Sourcery's GitHub Quality Report
The quality report shows how the changes in a pull request have affected code quality in the affected files.
The first section shows the quality score, complexity and method length averaged over all of the code in these files, along with the change in the number of lines.
The second section then breaks this down per file, while the last section shows up to five individual methods that have the lowest quality score.
The same code quality metrics are available on a function level within the Sourcery IDE plugins.
These metrics are shown in the quality report and also in the IDE when hovering over a method name. They can be switched off in the IDE in the Sourcery settings.
The quality score is a percentage score for code quality. It is a calibrated and scaled blend of the complexity, length and working memory metrics.
The complexity metric is a measure of how difficult your code is to read and understand. It is based on these principles:
- Each break in the linear flow of the code makes it harder to understand
- When these flow-breaking structures are nested they are even harder to understand
Flow-breaking structures are things like conditionals, loops and complex series of logical operators.
Full details of how this metric is calculated are contained in the Cognitive Complexity: A new way of measuring understandability white paper by G. Ann Campbell of SonarSource.
Improving complexity scores¶
An important way to reduce the complexity of your code is to reduce the amount of nesting.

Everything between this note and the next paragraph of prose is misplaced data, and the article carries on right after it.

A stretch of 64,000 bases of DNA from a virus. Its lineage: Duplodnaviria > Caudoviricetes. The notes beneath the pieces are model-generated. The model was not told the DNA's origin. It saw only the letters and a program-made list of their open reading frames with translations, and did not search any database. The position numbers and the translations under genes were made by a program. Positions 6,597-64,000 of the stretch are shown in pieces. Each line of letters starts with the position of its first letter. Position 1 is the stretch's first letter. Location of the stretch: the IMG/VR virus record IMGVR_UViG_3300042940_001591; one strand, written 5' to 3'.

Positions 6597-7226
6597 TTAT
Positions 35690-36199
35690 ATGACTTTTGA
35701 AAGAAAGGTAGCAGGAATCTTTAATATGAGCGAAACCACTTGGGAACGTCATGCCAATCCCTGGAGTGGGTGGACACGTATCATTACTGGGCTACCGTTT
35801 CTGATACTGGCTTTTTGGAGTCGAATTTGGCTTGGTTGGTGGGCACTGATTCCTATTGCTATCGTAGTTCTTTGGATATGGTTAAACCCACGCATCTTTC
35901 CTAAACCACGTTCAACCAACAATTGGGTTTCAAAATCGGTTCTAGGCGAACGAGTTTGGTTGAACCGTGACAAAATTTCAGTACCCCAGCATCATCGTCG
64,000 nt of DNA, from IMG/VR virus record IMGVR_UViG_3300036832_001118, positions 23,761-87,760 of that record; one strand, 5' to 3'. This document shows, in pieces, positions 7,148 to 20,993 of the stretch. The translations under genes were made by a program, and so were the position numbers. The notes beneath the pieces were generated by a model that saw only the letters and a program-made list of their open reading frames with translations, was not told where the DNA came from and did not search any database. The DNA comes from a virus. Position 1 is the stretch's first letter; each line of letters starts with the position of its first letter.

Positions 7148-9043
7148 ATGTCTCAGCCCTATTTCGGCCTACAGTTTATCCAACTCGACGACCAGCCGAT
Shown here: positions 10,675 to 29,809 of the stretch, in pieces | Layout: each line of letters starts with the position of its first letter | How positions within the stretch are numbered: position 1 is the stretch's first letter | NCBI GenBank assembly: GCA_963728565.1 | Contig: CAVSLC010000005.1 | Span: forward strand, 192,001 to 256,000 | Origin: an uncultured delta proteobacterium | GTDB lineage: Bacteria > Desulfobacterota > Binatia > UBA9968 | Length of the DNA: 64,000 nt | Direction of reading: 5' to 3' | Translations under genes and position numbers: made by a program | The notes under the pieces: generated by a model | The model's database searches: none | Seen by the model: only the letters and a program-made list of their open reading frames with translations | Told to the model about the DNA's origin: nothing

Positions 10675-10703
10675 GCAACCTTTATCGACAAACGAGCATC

- Merging nested if conditions is a quick win.
- Introducing guard clauses can also be useful, if there are conditions that are checked at the beginning of your method.
- Extracting out chunks of related code into their own methods can also keep nesting to a minimum.
The method length metric is a measure of how long each method is on average. It is based on the number of nodes in the method's Abstract Syntax Tree.
It is better for methods to be concise and to do one thing, so this metric penalises overly long methods.
The working memory metric is a measure of the number of variables that need to be kept in your working memory as you read through the code.
See here for a full description of the metric.
Improving poor Working Memory scores¶
The primary way to improve code that scores poorly on this metric is to break up large functions into smaller ones. You can take a look at our blog post here for a practical example of how to do this.
Other ways are to extract complex conditional tests into variables or functions.